Editor Mike Goodridge introduces Screen’s Australia territory focus.

Samson & Delilah

At the end of March, I went to the closing night screening of the London Australian Film Festival: Rachel Ward’s Beautiful Kate in a double bill with Luke Doolan’s 18-minute short Miracle Fish.

The former had been a festival fixture since its world premiere in Sydney in June 2009 and the latter received an Oscar nomination for live animated short. Both are remarkably assured and unusually profound. They also confirm the richness of local film production in the last year, which saw titles such as Samson & Delilah, Balibo, Mao’s Last Dancer, Bran Nue Dae and Animal Kingdom raise the global profile of the country’s film industry.

Mao’s Last Dancer and Bran Nue Dae also scored well at the local box office, suggesting the miraculous alignment of art and commerce all indigenous industries long for.

Screen’s territory focus looks at the production landscape in Australia in 2010 from both a local and international viewpoint - and the picture isn’t all rosy. Yes, there are successes - Australia has never been short of generating talent and movies on a world-class level. But there are also issues. A national film body, Screen Australia, is valiantly but slowly rising out of the ashes of previous institutions, and the Australian dollar is so strong the stream of international production funds into the country has almost dried up.

There is also, however, a producer’s offset scheme offering qualifying local and international producers a generous 40% slice of budget, and an increasingly lively co-production trade which has yielded films such as The Tree and Oranges And Sunshine. And in companies such as Omnilab Media, there are signs of a growing corporate culture. Omnilab has invested in international titles including W, The Bank Job and The Messenger as well as local ones like Bran Nue Dae and The Loved Ones.

In the additional territory features, our longtime Australian correspondent Sandy George assesses the state of the industry and asks how it could build on its current mini boom.


Australian population 22.2 million*
Average number of cinema visits per year 7.3* 
Average for those aged 14 to 24 years 9.3* 
Average for those aged 50+ 6.9* 
Number of theatres 493 (1,980 screens) 
Cinema capacity 456,000 seats 
Number of films released 301
Number of Australian films 33
Average cinema price $10.30 (A$11.17) 
Total box office and admissions (2009) $1bn (A$1.09bn), 90.7 million
Source: Australian Bureau of Statistics * Source: Val Morgan & Co (Aus)
2009-10 Arctic Blast (Can), The Last Dragon (Chi), Oranges And Sunshine (UK), Santapprentice (Fr), The Tree (Fr)
2008-09 At World’s End (Ger), The Boys Are Back (UK)
2007-08 Bright Star (UK), Goblin Shark Attack (Can), Triangle (UK)
2006-07 $9.99 (Isr) The Children Of The Silk Road (Chi-Ger) Death Defying Acts (UK)
2005-06 Elephant Tales (Fr), Gone (UK), Voodoo Lagoon (UK)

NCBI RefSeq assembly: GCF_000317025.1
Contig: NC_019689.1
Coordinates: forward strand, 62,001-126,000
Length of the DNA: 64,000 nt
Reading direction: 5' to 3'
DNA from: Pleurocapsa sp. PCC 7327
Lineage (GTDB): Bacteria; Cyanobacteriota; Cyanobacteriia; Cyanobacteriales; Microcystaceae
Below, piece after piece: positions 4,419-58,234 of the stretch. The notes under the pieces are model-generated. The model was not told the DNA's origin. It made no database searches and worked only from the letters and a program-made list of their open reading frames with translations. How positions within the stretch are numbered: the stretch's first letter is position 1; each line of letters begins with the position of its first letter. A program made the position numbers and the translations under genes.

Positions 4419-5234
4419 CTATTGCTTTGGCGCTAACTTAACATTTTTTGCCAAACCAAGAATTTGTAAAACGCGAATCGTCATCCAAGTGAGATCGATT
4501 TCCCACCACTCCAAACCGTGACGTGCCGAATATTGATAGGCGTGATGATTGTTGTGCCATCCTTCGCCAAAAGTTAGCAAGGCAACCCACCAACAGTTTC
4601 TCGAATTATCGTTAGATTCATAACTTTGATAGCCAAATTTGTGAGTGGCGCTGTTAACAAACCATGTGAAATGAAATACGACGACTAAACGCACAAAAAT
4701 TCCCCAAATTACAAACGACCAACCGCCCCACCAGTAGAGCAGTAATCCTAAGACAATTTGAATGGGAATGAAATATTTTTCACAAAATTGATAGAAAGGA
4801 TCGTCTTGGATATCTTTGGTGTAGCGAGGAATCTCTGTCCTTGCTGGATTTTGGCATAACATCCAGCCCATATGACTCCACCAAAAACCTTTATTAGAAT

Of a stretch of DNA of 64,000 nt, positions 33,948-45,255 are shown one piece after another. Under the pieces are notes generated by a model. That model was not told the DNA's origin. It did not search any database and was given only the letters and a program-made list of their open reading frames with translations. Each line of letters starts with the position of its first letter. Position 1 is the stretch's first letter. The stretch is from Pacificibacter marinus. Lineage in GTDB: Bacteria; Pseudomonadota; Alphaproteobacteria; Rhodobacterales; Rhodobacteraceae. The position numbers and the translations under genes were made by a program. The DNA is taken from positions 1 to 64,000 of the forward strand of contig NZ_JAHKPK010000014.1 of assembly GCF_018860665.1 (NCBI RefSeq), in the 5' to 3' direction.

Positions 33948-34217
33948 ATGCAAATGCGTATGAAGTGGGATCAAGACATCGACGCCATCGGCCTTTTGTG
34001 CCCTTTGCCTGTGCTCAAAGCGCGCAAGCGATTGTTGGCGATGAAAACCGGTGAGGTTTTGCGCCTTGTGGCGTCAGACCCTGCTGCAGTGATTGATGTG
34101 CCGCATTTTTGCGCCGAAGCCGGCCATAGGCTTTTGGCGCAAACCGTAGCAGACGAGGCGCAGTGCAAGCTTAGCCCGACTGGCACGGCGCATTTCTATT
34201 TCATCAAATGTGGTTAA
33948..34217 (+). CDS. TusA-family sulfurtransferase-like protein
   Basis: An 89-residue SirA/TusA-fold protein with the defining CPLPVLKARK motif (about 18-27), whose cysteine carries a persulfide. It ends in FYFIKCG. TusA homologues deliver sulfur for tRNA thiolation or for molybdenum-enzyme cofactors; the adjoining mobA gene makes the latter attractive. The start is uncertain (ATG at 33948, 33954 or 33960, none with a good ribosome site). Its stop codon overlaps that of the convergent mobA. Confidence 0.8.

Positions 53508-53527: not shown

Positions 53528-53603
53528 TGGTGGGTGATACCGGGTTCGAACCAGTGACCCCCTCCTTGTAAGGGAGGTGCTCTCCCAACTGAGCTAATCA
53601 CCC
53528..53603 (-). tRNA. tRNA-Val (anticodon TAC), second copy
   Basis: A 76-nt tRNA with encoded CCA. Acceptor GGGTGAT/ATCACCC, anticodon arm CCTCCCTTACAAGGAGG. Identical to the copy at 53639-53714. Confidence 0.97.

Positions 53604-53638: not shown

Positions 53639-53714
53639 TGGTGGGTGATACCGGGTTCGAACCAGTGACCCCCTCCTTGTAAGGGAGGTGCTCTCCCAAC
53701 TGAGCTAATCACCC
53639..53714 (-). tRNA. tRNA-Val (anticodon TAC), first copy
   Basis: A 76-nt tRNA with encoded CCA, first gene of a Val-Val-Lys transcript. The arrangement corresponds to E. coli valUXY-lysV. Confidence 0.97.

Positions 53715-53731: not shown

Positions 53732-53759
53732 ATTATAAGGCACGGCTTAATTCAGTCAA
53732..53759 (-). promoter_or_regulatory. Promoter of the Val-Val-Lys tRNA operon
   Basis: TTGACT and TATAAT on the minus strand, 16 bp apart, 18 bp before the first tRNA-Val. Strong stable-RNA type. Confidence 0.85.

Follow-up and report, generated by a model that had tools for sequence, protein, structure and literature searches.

* Since July 1 2005. Source: Screen Australia. All films listed have gone into production; not all have received final approval as co-productions
 Contribution (A$m)    % of total finance    Number of films receiving investment
Contribution from government sources 
2008-09    A$35m    9%24
2007-08    A$43m    19%20
2006-07    A$45m    17%18
Contribution from foreign investors  
2008-09    A$224m    57%14
2007-08    A$103m    46%11
2006-07    A$198m    73%13

Source: Screen Australia. The level of foreign investment can vary significantly from year to year depending on whether a big-budget studio-supported film is in the mix. There were two in 2008-09: Legend Of The Guardians; The Owls Of Ga’Hoole and Happy Feet 2. Private investors, including Australian film and television companies, provide the rest of the finance.

Top five local films  
Released in Australia in 2009 
1Mao’s Last Dancer Roadshow/Hopscotch (A$15.44m)
2Knowing Icon (A$7.59m)
3Charlie & Boots Paramount/Transmission (A$3.86m)
4Samson & Delilah Paramount/Transmission/Footprint (A$3.19m)
5Bright Star Roadshow/Hopscotch (A$2.97m)
Source: MPDAA. Local films include official co-productions and films classified as Australian for the producer offset
On Australian films, co-productions and foreign films         
   Australian  films      Official co-pros      Foreign films      All films  
    No of films    Total budget    Local Spend    No of films    Total budget    Local Spend    No of films    Total budget    Local Spend    No of films    Total budget    Local Spend
2008-09    29A$365m    A$341m    3A$28m    A$17m    6A$10m A$2m    38A$403m    A$359m
2007-08    33A$130m    A$121m    5A$93m    A$49m    7A$190m A$105m    45A$413m    A$275m
2006-07    27A$220m    A$214m    3A$52m    A$19m    6A$268m A$105m      36A$541m    A$339m
2005-06    29A$100m    A$100m    3A$22m    A$13m    4A$36m A$23m    36A$159m    A$135m
2004-05    26A$67m    A$66m    3A$45m    A$27m    9A$482m A$258m    38A$594m    A$351m
Annual avge            
00/01-08/09    25A$151m    A$144m    3A$43m    A$22m    6A$250m A$133m    34A$445m    A$299m
* Since July 1, 2000. Source: Screen Australia